Lauren Diewold – biography, fact, career, awards, net worth and life story

IntroCanadian actress
Is Actor 
Film actor 
From Canada 
Type Film, TV, Stage & Radio 
Birth 17 August 1990, Vancouver, Canada
Age:29 years
Star sign Leo

“‘Monster” is the fourth episode of the second season of the American crime-thriller television series Millennium. It premiered on the Fox network in the United States on October 17, 1997. The episode was written by Glen Morgan and James Wong and directed by Perry Lang. “Monster” featured guest appearances from Kristen Cloke, Robert Wisden and Chris Owens.

In the episode, Millennium Group profiler Frank Black (Lance Henriksen) travels to Arkansas to investigate allegations of child abuse in the community, meeting fellow Group member Lara Means (Cloke). They soon discover that the abuse may actually be the work of another child.

“Monster” introduces the recurring character Lara Means, who would appear throughout the second season. The episode also features music by Bobby Darin, a hallmark of Morgan and Wong’s work. The episode has been well received by critics, and earned guest star Lauren Diewold a nomination at the 1998 Young Artist Awards.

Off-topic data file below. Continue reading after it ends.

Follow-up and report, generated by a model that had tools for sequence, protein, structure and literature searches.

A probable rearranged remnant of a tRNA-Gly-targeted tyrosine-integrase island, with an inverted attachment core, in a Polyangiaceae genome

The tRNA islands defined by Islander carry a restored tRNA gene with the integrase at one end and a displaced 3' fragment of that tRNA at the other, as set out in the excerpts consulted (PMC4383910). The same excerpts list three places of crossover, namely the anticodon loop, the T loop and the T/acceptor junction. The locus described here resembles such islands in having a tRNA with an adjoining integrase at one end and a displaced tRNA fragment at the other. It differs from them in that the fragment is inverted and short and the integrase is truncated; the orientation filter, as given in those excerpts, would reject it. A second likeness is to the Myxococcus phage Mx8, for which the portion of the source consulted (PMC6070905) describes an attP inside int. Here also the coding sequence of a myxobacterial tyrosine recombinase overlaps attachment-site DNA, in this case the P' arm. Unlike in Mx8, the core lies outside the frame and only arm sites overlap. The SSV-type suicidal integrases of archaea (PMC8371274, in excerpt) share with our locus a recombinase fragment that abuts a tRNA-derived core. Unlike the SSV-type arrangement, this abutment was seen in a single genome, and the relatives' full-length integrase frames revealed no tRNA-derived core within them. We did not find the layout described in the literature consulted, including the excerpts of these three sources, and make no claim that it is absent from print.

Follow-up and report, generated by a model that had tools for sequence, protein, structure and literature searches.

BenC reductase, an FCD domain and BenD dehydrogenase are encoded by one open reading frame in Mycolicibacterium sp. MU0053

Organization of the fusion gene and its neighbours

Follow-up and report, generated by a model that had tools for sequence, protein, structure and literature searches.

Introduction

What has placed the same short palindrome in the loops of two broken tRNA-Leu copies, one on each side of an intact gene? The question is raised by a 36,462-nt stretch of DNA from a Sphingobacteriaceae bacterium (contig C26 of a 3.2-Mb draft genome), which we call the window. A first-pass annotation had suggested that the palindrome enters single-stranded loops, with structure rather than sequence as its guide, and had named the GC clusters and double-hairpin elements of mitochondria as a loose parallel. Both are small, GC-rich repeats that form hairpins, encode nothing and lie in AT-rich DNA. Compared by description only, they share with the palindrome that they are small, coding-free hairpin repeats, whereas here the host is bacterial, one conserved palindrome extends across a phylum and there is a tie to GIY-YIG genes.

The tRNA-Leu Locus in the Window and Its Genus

Millennium Group member Frank Black (Lance Henriksen) travels to Springdale, Arkansas to investigate allegations of child abuse brought against a daycare owner, Penny Plott (Mary Gillis). Before he leaves Seattle, he takes his daughter Jordan (Brittany Tiplady) shopping for shoes, but chastises her when she begins acting out for attention.

In Arkansas, sheriff’s deputy Bill Sherman (Chris Owens) discovers bite-marks on his son’s skin after he returns home from the daycare. When his son refuses to discuss what happened, Sherman is convinced of the rumours about Plott. Black arrives in town, and pretends to be a local parent interested in using the daycare. His visit is interrupted by Lara Means (Kristen Cloke), who is investigating for Plott’s defence. However, the two are forced to work together when one boy, Jason Wells, stops breathing. Despite attempts to revive him, the boy dies. Meanwhile, in Seattle, Black’s wife Catherine (Megan Gallagher) takes Jordan to the dentist after she spits blood while brushing her teeth. The dentist tells her such an injury is most commonly caused by blunt force trauma. Catherine dismisses the idea outright, but Jordan mentions Black losing his temper during the shopping trip.